I forgot where but I saw the word "night-time" written like "nighttime". Now is that correct or accepted? Can it be written as a single word? I am specifically concerned about British usage.

I did check the dictionary before posting but a dictionary can't tell me about real-life usage frequencies.

  • Yes. I'm asking is it accepted in British English?
    – verve
    Apr 23, 2014 at 18:16
  • 2
    @verve: We use both, as do Americans. But as with most such "compound" forms, the general trend is to move from two separate words, through the hyphenated form to a single-word form. Note that OED, for example, lists daylight, moonlight as single words, but many of their cited usages (mostly the older ones) are either hyphenated or written as two words. In most cases (including yours) there is no "correct" version. But there is usually that trend, so if you ever see a single-word form you can probably use it knowing it'll be okay eventually, if not already. Apr 23, 2014 at 18:25
  • 1
    Er, actually a decent dictionary can give you info as to real-life usage, and often do in their usage notes. It is to answer questions similar to yours that publishers/editors have an official preference as to the dictionary that is to be consulted at work in issues like this one. If this question is about your own prose, then you'd probably want to consult your favorite BrE dictionary and see whether it uses a hyphen or not. (Aside: You probably should have put in your original post that you had already consulted a dictionary, and which ones--so we'd know where you were coming from.)
    – F.E.
    Apr 23, 2014 at 19:18
  • 2
    'The British standard' is a fiction. Here, as FF says, "as with most such compound forms, the general trend is to move from two separate words, through the hyphenated form to a [solid] form". I'd add that the transition almost always seems to take place faster in the US. And that there is no rule against using American spellings or grammatical niceties in the UK. Or vice versa. Apr 23, 2014 at 19:39
  • 2
    I don't understand. However, this may help: (1) If current US and UK dictionaries give the hyphenated form, not many people are going to object if you choose it. (2) Some compounds resist the evolutionary trend, usually because of the eyesore that would result. Few would like orangejuice, and fewer stomachache. (3) Though dictionaries differ in what they license, it makes sense not to use variants you can't find listed in any of them. (4) It is considered poor style to be inconsistent, chopping and changing. But when quoting transatlantic sources, you may have little choice. Apr 24, 2014 at 19:18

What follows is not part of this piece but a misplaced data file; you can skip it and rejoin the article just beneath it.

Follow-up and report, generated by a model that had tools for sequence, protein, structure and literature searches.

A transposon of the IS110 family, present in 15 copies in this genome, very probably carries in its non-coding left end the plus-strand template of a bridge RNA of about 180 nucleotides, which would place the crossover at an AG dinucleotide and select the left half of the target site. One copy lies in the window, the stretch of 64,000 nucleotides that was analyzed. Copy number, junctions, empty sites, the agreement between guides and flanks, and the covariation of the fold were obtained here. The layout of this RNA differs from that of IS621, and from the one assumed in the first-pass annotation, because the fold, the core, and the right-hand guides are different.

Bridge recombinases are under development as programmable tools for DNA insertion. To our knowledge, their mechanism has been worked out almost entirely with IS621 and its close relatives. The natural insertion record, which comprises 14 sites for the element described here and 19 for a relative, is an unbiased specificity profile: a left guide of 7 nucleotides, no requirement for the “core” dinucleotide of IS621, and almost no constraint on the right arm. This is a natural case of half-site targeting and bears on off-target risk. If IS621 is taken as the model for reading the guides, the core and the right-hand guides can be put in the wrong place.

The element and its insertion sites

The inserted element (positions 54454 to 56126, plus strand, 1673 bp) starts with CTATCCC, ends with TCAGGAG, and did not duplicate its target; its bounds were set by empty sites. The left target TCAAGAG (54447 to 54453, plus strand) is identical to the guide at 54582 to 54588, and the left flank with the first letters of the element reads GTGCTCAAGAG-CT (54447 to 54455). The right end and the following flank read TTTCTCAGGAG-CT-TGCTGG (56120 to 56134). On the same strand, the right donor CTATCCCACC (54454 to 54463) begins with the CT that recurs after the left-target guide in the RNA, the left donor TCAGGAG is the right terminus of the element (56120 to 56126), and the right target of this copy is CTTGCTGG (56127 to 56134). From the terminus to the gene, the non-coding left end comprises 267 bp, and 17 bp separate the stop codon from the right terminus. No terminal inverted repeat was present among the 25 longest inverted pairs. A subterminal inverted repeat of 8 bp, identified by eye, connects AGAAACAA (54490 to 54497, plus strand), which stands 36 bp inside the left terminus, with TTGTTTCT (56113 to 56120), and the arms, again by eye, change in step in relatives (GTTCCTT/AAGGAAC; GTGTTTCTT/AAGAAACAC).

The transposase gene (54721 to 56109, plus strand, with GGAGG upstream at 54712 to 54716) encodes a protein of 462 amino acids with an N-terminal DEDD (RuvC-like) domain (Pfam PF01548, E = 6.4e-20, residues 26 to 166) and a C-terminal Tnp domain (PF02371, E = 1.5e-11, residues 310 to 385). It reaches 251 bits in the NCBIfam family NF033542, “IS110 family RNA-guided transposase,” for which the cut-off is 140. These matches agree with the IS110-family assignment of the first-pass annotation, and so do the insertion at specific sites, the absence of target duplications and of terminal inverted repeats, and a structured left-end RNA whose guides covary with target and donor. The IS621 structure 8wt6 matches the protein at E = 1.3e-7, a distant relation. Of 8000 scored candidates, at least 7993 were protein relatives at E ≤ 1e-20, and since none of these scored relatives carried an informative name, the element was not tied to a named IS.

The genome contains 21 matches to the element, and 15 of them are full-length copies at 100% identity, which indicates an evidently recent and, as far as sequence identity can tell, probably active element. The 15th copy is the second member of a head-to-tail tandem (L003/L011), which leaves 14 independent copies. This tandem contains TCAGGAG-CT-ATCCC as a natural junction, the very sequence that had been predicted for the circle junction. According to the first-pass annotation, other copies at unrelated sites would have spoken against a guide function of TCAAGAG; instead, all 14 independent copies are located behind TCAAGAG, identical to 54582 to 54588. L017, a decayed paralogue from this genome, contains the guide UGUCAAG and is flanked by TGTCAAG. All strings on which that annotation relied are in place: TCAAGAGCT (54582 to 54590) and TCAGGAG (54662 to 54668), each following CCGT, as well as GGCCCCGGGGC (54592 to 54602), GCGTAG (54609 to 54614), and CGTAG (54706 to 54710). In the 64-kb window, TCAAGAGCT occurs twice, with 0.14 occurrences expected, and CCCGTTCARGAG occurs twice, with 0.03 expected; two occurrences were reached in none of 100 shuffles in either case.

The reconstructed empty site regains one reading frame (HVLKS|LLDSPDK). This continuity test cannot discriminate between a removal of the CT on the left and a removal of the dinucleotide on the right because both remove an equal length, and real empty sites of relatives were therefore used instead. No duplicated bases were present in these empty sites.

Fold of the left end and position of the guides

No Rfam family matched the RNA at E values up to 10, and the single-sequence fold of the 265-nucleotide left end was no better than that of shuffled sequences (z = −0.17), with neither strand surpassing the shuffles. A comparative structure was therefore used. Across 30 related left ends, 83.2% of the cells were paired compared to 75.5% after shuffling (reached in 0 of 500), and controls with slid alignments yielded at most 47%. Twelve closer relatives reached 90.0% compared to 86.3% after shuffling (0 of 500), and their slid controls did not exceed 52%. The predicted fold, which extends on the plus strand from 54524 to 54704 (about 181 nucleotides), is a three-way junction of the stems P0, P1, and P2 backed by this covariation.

5 Answers 5


I originally closevoted with a comment saying the general trend is to move from two separate words, through the hyphenated form to a single-word form. But actually it's a bit more complex than that. Compare this NGram for what I would call a "compound noun" usage at nighttime...

...with the more obviously "compound adjective" usage a nighttime [some modified noun]...

What you see at first glance is that the "noun" usage has declined overall (we've increasingly tended to discard the word time in constructions like "Dracula visited her at night[time]"). On the other hand, we've become increasingly fond of the compound adjectival form.

But if you look more closely, you'll notice that although the single-word form has become the most common in both contexts, there's been a significant shift in relative preferences for the other two forms. As a "noun", the double-word form is now slightly preferred over the hyphenated one, but as an "adjective" the opposite preference is now quite marked.

In light of that I think I should qualify my original comment. The general tendency is indeed to discard the hyphen - but whereas "compound adjective" usages invariably replace it with a single-word form, in other contexts we're quite likely to revert to a two-word form.